Thursday, March 28, 2013

A Seven Foot Nine Inch Cottonmouth from Caldwell County, Kentucky

    All right folks, you know the drill. Man kills snake, hoists snake on stick, points it towards the camera, and multiple and outrageous lengths and locations follow. Today we are deviating a little from usual because the subject is not a rattlesnake. Also, although the length and the species identity are incorrect, I think the location is legitimate.

    Let's break down the text accompanying the photograph:

Here's a photo I got from a's a 7-9 foot Cottonmouth that was killed out in the Fryer area of Caldwell County Kentucky the other careful, these are deadly me this raises the question
"Is this actually the biggest snake out there in the county? Or are there others that are bigger?"

Ponder that next time you're in some tall weeds :)

 The man in the photo is (I've removed the name) and the photo was taken near the Fryer area of Caldwell...anyone who claims this is fake is an idiot.

    Well, I've been called worse. But really, as I've explained before, it's not that the picture is fake, it is the information about the picture that is wrong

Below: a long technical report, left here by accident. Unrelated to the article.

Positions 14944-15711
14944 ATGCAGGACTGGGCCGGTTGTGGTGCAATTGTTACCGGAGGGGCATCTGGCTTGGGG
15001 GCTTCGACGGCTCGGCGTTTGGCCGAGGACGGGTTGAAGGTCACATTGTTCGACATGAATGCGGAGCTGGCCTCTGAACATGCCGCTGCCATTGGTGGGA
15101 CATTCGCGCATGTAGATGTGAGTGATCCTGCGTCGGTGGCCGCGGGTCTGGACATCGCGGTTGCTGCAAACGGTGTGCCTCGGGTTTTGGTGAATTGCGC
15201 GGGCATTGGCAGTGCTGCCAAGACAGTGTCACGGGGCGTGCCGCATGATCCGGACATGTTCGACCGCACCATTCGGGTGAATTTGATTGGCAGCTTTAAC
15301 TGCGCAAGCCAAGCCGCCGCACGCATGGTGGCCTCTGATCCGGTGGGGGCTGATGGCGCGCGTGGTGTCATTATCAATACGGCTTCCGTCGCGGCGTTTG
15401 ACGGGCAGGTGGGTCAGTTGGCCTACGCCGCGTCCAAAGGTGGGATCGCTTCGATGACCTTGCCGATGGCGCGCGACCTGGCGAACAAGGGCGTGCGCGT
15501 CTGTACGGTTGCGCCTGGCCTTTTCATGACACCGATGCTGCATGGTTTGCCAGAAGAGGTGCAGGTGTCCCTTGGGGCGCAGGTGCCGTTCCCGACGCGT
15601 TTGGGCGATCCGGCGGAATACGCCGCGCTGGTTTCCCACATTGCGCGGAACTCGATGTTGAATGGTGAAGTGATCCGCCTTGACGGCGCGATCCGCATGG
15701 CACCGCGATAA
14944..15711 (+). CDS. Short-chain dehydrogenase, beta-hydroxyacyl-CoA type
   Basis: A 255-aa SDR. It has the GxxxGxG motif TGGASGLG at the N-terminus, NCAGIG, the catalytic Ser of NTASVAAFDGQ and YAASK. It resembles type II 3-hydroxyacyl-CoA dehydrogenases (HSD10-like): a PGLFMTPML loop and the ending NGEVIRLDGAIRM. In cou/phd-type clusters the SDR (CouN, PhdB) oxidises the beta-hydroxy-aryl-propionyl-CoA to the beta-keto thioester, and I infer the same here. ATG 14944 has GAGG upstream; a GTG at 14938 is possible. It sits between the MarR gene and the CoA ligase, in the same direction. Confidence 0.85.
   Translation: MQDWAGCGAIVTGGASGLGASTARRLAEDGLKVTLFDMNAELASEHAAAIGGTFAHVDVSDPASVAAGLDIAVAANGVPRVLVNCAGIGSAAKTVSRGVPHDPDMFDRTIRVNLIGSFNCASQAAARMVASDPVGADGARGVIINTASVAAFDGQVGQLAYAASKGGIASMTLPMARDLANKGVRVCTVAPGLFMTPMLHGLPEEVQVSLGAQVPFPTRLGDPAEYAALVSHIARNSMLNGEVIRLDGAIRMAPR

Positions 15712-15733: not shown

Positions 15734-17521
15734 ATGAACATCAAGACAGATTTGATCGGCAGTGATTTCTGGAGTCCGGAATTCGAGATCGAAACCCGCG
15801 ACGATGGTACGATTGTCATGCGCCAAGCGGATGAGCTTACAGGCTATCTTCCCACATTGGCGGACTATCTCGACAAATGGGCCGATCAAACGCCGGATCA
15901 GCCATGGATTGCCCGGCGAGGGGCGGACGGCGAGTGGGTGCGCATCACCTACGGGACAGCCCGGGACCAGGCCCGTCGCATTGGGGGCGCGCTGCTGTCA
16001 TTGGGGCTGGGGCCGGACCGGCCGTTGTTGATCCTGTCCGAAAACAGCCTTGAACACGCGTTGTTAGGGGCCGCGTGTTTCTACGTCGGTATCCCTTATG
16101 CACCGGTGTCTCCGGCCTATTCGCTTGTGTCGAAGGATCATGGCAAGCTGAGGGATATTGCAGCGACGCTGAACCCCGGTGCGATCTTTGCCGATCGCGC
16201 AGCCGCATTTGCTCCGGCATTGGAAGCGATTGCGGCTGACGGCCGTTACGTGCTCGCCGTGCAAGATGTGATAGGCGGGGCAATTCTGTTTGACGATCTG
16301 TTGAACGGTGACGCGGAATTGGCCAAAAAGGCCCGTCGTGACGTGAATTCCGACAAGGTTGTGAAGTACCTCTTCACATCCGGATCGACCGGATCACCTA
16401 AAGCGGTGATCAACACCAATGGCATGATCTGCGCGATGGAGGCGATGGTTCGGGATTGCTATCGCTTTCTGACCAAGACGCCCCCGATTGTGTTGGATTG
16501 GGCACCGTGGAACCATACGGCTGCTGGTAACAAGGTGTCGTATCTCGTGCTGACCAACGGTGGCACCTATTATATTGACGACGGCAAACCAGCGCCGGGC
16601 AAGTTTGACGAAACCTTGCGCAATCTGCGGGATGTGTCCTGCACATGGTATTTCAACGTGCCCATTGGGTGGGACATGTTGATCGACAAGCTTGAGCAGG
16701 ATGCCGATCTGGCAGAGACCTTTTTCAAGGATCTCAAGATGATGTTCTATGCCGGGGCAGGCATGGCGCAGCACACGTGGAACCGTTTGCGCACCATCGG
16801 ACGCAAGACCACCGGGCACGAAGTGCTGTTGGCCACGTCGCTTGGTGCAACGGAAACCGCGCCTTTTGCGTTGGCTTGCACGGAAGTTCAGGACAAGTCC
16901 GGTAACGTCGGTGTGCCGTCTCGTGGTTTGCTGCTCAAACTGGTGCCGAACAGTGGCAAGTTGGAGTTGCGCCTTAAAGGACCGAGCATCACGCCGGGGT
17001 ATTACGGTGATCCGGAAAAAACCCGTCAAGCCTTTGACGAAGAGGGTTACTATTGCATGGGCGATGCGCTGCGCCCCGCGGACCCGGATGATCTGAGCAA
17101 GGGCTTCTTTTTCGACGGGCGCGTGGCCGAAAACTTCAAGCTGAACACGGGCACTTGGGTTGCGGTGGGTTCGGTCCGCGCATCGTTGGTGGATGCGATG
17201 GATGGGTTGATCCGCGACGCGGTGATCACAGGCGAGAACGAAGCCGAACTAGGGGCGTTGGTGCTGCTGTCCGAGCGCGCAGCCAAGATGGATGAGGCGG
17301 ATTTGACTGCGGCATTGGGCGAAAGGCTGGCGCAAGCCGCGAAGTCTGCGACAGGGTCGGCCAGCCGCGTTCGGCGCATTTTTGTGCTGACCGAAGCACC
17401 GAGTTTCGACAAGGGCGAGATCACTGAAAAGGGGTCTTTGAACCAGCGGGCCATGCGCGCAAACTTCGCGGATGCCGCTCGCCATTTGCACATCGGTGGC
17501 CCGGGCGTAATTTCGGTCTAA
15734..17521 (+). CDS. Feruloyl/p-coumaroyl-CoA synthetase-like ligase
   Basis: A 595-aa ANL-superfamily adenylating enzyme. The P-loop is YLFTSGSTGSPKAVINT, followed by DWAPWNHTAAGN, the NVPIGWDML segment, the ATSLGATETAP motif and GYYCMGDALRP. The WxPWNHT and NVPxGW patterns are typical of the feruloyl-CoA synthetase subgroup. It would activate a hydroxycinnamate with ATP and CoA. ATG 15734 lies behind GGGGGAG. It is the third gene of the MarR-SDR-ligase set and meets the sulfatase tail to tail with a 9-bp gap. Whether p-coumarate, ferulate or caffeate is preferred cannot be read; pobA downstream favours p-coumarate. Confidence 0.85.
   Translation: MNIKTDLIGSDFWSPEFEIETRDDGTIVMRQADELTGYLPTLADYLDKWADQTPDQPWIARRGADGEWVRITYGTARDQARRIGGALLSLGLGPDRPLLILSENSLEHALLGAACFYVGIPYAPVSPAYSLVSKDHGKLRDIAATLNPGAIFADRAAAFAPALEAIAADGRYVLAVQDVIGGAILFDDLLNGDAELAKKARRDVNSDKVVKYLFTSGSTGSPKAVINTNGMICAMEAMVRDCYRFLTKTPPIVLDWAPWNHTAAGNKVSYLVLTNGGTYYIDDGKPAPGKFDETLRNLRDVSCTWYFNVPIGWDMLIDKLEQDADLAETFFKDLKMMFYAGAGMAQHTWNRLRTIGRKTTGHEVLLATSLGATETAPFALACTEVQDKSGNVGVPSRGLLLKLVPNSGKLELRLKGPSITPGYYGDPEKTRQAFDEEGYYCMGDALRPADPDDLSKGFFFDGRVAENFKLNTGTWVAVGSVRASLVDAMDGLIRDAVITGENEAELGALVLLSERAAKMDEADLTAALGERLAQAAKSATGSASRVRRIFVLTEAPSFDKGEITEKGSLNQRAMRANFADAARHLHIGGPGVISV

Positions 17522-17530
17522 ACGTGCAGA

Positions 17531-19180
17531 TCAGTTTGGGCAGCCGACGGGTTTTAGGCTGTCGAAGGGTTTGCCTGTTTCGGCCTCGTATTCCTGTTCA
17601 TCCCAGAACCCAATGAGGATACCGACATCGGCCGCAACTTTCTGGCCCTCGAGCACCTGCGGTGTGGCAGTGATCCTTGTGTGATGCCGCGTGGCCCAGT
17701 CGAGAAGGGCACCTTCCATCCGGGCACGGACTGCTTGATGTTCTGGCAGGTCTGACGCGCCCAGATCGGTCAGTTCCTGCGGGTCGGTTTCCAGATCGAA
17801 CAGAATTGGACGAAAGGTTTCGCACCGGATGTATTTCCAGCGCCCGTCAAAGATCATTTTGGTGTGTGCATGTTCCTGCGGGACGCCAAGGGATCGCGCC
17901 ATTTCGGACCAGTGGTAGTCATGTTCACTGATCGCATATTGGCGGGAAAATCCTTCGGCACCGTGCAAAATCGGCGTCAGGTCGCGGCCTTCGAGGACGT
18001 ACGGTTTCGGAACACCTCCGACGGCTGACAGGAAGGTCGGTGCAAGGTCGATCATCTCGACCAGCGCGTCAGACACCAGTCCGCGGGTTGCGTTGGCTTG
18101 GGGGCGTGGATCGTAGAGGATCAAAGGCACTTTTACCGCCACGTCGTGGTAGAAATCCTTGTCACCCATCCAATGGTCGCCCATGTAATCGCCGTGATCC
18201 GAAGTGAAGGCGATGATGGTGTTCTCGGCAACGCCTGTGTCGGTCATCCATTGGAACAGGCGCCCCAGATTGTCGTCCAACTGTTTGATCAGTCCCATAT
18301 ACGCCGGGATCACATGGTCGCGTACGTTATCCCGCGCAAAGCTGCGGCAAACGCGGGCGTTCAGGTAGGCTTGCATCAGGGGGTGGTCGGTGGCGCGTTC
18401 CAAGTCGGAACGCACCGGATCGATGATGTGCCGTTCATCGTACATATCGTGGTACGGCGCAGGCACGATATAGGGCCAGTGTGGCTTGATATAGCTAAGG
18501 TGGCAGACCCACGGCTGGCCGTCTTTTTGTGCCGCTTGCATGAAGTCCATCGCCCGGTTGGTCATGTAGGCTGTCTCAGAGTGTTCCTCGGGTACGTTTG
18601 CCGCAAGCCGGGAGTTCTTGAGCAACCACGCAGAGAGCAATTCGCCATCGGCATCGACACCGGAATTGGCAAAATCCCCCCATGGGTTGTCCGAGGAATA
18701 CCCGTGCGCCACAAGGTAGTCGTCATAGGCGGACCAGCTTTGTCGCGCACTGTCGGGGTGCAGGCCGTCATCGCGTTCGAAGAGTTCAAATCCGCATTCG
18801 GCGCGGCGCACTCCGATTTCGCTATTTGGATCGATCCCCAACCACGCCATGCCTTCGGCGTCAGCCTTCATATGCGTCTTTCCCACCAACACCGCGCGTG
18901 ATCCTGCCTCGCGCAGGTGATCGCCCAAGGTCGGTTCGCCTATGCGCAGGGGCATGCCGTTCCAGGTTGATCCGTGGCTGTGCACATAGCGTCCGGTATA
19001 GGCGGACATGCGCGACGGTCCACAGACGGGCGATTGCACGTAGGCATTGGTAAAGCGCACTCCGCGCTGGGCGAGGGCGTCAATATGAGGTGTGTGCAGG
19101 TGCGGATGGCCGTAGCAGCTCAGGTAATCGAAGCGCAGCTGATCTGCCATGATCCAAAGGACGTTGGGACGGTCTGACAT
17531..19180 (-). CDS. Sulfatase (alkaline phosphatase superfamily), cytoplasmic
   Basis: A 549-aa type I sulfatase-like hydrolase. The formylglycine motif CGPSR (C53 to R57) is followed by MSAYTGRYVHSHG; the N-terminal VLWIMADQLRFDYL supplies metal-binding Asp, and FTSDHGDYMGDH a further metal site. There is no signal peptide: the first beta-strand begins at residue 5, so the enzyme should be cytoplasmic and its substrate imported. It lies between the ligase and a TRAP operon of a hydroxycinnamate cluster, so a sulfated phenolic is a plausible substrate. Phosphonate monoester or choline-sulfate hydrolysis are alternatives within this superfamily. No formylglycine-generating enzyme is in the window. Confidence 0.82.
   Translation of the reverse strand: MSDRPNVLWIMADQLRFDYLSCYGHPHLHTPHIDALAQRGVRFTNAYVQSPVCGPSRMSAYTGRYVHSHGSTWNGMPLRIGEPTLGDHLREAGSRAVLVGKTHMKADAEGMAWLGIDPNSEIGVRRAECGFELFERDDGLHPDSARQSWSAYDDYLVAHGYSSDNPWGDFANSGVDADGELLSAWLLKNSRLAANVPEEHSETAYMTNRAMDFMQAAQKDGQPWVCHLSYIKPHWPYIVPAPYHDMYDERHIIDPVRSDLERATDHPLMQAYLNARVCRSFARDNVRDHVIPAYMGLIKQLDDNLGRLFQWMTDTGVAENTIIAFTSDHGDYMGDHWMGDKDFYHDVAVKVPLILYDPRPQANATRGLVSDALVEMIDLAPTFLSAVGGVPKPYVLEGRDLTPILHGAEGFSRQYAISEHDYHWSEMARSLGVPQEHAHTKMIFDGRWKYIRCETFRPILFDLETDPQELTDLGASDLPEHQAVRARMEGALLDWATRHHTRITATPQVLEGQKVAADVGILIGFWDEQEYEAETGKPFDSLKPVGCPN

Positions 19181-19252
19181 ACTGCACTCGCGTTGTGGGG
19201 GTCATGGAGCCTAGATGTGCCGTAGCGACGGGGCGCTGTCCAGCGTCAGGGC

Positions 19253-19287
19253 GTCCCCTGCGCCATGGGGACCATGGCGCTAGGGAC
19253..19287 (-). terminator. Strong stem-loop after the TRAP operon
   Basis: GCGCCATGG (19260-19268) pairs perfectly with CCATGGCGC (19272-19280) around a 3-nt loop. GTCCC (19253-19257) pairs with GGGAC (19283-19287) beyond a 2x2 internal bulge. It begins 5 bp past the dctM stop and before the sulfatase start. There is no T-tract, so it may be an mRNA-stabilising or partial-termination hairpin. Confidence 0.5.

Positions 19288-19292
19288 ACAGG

Let's get the reported size out of the way. This snake is not nearly eight feet long. It appears longer than it really is because the snake is on a long stick and held much closer to the camera than the man holding the stick. If this the first time you've visited this blog, you can read about this trick here. I'll estimate that the snake is about five feet long (more on that later).

    Let's move on to the identification. First: no Cottonmouth (Agkistrodon piscivorus) ever measured has reached over seven feet long (but you already knew that). Second: that's not a Cottonmouth. It's true that it can sometimes be hard to tell the difference between Cottonmouths and non-venomous water snakes but in this case, the dark bands on the tail give it away as a Diamondback Watersnake (Nerodia rhombifer). The largest known Diamondback Watersnake was just shy of six feet long (my source for this length is Snakes of the United States and Canada by Ernst and Ernst). Like all snakes within the genus Nerodia, Diamondback Watersnakes are harmless to people and primarily eat fish and amphibians. Females reach larger sizes than males (you can read why here) so we can be fairly confident that the snake in the picture is an old girl. As you might expect, Diamondback Watersnakes are often confused for Cottonmouths and killed as a result. 

    Finally, both Diamondback Watersnakes and Cottonmouths can be found in western Kentucky, leaving us no reason to doubt the location. 


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